The stature awarded President Obama by future historians will be very largely determined by his response to one issue: climate disruption. The President’s recent speeches, and appointments like our own Sally Jewell (as Interior Secretary) and John Kerry suggest that he recognizes this.
The difference between a good president and a great president has little to do with the exigencies of politics. While economic prosperity and domestic tranquility are vital to winning elections, no federal monuments will be built to honor the fiscal stimulus package or Obamacare.
Greatness is measured by how a leader addresses the big inflection points in history that occur on his or her watch.
Such inflection points are not always obvious. In the late 18th century, every major political figure viewed the Seven Years War as the dominant event of the era. Today, not one person in 10,000 can distinguish the Seven Years War from the Thirty Years War, or the Great Northern War, or the War of the Spanish Succession.
What is best remembered of that period is a declaration of independence by 13 rambunctious British colonies with revolutionary ideas about social, political, and economic organization.
In 2013, public attention is fixed on Afghanistan and the unemployment rate. Twenty-five years from now, these will be footnotes, not inflection points.
What really matters today? The digital revolution and the explosive rise of China are strong candidates. But the greatest challenge of our epoch is global climate disruption.
At its worst, climate disruption threatens catastrophe akin to the Five Great Extinctions that our planet experienced over the past 500 million years. Bold climate policy, on the other hand, could lead to an ultra-efficient planet powered mostly by the sun and living in a productive state of ecological harmony.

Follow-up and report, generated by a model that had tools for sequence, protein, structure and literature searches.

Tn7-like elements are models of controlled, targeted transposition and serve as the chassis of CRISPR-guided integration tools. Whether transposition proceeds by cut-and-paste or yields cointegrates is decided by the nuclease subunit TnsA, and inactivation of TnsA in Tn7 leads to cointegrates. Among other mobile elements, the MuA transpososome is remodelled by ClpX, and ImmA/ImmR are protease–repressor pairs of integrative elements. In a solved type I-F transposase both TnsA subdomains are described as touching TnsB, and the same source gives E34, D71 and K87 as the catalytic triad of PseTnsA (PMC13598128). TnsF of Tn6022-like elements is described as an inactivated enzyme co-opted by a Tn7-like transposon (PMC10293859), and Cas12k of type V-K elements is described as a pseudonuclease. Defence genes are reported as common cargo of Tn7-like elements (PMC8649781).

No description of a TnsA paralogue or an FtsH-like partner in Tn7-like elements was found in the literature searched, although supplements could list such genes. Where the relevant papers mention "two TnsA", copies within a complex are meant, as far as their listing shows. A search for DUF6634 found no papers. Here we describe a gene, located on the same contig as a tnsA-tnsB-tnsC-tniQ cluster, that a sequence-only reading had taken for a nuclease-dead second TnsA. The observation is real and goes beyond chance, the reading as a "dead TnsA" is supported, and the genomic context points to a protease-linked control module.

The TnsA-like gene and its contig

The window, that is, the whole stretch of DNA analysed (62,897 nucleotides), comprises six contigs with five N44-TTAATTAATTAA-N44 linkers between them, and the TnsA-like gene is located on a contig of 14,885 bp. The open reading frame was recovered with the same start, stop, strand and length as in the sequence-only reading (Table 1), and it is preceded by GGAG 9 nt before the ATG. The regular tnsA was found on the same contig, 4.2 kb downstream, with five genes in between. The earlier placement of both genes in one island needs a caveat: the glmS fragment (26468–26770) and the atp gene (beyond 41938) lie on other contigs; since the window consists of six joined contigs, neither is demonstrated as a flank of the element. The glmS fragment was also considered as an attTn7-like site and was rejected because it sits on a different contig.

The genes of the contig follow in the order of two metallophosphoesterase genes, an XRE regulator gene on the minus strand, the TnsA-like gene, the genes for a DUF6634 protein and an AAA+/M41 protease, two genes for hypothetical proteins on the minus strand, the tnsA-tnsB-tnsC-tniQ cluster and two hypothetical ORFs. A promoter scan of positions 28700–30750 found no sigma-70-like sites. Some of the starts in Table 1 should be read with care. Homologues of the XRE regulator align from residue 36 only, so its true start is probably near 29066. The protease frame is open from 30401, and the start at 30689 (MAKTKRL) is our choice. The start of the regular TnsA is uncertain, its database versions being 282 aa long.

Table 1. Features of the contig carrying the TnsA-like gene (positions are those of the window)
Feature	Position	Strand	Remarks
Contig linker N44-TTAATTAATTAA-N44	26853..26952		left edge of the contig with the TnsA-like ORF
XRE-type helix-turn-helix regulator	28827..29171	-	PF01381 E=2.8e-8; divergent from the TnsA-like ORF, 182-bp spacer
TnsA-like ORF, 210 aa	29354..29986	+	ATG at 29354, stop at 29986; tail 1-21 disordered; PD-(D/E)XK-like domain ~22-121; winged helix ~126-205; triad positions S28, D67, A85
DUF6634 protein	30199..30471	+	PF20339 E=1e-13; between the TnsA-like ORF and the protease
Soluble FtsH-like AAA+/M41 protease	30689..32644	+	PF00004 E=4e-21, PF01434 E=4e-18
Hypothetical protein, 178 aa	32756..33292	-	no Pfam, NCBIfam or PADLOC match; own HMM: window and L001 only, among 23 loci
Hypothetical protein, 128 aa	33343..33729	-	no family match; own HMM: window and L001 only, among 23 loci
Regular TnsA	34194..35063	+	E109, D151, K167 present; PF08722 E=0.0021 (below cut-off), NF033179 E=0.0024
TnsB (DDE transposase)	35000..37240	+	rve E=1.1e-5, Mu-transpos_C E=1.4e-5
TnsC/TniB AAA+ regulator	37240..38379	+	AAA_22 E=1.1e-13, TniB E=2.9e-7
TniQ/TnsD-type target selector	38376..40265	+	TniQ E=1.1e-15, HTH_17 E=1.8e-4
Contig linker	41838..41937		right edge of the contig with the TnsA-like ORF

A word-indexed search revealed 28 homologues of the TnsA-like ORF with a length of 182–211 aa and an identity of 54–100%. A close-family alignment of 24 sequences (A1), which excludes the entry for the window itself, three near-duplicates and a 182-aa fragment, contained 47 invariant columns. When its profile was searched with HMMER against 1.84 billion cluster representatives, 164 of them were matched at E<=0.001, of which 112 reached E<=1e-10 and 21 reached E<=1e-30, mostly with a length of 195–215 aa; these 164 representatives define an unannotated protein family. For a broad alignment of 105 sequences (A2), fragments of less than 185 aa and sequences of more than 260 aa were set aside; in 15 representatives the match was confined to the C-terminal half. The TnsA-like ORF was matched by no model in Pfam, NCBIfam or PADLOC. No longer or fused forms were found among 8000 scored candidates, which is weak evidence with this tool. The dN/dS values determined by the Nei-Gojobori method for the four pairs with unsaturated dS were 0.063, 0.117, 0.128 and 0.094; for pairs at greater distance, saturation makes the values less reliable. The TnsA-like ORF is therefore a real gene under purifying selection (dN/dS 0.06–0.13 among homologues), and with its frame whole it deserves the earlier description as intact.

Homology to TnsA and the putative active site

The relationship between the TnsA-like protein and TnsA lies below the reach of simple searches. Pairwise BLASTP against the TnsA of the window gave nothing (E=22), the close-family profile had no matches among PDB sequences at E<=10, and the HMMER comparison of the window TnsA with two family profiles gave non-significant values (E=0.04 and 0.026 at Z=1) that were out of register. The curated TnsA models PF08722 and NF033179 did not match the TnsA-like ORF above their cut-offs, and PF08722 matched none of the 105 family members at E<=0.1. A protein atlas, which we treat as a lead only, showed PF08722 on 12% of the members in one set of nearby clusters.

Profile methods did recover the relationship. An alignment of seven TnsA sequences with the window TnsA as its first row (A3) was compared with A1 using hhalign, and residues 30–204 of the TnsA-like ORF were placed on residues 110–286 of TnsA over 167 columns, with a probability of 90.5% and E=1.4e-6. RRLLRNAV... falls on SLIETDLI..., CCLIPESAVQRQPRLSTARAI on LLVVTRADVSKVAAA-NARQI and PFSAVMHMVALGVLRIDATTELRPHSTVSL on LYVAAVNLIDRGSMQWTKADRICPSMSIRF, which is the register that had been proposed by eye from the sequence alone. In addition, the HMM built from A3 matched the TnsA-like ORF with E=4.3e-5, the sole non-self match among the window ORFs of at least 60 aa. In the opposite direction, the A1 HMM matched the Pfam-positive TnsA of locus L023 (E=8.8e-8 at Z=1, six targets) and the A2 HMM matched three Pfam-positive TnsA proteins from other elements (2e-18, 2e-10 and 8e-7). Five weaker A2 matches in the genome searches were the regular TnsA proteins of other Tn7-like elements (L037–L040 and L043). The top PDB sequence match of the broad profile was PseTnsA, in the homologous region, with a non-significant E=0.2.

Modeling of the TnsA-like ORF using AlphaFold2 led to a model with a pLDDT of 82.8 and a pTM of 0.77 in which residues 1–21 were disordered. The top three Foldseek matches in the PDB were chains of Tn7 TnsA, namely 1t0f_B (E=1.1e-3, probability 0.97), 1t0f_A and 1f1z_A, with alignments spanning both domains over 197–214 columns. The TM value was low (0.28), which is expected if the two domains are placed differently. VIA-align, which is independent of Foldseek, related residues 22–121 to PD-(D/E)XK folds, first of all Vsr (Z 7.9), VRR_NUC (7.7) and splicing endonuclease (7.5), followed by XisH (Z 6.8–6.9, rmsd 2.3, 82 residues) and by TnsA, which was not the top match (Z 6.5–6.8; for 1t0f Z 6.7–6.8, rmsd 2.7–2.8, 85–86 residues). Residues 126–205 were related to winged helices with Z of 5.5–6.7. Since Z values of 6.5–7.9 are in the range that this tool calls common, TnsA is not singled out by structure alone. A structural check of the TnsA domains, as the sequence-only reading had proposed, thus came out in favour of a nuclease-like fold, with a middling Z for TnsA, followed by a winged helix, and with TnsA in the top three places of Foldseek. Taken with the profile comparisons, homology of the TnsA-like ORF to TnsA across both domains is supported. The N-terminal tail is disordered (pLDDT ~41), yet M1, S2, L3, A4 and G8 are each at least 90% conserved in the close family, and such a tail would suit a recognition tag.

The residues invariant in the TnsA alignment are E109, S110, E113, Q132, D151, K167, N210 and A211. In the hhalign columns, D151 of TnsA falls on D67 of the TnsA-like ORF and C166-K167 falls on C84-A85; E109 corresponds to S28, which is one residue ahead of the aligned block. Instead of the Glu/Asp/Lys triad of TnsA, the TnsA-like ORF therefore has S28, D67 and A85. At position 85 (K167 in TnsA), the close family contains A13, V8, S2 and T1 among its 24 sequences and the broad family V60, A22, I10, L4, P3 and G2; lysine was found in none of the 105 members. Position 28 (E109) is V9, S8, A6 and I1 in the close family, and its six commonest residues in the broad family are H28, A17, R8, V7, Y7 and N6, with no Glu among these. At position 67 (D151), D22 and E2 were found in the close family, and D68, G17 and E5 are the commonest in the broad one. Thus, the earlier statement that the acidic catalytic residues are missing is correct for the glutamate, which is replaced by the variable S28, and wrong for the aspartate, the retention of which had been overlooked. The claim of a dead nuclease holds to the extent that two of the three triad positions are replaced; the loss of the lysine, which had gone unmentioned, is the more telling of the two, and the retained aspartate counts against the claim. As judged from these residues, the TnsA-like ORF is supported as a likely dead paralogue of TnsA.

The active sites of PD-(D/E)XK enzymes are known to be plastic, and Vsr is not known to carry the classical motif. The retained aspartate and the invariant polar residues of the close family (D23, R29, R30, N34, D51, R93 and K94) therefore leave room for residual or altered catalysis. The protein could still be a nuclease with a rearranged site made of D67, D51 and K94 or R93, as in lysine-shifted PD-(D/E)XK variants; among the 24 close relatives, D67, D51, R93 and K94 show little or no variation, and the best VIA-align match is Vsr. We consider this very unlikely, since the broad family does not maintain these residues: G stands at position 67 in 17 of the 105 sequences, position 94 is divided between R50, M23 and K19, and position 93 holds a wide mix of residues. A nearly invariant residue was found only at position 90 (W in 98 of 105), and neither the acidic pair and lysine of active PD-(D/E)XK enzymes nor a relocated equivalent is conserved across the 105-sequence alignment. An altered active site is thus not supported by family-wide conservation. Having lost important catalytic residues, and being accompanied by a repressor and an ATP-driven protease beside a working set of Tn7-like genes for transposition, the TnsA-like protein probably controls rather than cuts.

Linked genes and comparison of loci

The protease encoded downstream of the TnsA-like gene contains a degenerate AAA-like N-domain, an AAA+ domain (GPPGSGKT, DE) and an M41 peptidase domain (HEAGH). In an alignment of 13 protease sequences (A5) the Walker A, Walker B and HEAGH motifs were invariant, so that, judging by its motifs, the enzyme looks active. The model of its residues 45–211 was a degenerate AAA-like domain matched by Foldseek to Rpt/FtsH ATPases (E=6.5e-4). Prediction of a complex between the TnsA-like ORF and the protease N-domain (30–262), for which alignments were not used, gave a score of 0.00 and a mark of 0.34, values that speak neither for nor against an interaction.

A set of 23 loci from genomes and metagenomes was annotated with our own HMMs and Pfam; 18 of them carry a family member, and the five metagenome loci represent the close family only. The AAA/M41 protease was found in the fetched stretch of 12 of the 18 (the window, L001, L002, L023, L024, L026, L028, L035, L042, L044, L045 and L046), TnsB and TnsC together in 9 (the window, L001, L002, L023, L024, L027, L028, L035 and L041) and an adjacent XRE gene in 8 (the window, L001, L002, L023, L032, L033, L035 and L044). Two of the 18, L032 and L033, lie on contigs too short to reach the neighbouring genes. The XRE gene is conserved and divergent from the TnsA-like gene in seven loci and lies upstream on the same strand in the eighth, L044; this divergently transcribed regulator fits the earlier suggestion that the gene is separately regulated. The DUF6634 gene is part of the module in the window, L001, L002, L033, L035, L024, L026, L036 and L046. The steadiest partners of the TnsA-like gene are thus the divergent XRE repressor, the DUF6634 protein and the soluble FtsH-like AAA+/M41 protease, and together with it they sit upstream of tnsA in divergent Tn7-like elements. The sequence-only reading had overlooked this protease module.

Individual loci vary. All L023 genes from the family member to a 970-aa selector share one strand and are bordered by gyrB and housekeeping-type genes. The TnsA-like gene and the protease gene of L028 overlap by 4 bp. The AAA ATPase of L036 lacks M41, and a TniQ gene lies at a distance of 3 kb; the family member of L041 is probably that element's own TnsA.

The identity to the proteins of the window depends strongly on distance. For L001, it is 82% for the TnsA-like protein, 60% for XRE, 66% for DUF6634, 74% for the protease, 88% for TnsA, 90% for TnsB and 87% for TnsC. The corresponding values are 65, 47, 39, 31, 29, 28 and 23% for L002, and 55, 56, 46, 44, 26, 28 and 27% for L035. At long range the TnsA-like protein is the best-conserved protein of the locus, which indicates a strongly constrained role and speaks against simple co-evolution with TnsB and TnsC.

We face a choice between unparalleled, almost-irreversible devastation and a golden age. On its surface, that is not a tough choice. But to date, every President has ignored, or dodged, that decision. More than any other issue on the global agenda, we must not continue to kick this can down the road.
America, which led the world into the oil age, had an opportunity to lead it back out. Instead, in company with Saudi Arabia, China, and Canada, the United States has scuttled efforts at international climate agreements or rendered them toothless. Our system of capitalistic democracy has provided no effective counter-balance to a massive campaign of deception, funded by oil and coal companies, that has hog-tied national policy on climate disruption.
How Barack Obama addresses the climate crisis will determine whether he is remembered as a good President, or a great one.
Four years ago, after a long bitter primary campaign, a weary candidate Obama told a St. Paul, MN crowd that “generations would look back” and say “this was the moment when the rise of the oceans began to slow, and our planet began to heal.”
As President, his attempts to pass a cap-and-trade law were crushed by almost-unanimous partisan opposition in Congress. By 2012, the only people who remembered his “heal-the-earth” comment were on Mitt Romney’s research team.
Today, the President seems more pragmatic and deliberate. In his Inauguration Address, he devoted more words to climate disruption than to any other single topic. “We will respond to the threat of climate change, knowing that failure to do so would betray our children and future generations,” Mr. Obama said. “Some may still deny the overwhelming judgment of science, but none can avoid the devastating impact of raging fires, and crippling drought, and more powerful storms.”
Those sound like the words of a President who has decided to bend history. A President who is prepared to tackle the biggest issue of his time.
What should he do?
1. The President should speak out boldly and soon about the goals he wants to be remembered for. Lincoln did not just ask for an Emancipation Law — he issued an Emancipation Proclamation! President Obama should commit the United States to a 25-year plan that will end our use of fossil fuels. And he should make clear that America’s scientists, industrialists and workers will achieve that energy revolution, regardless of whether China or India or Russia chooses to join the effort.
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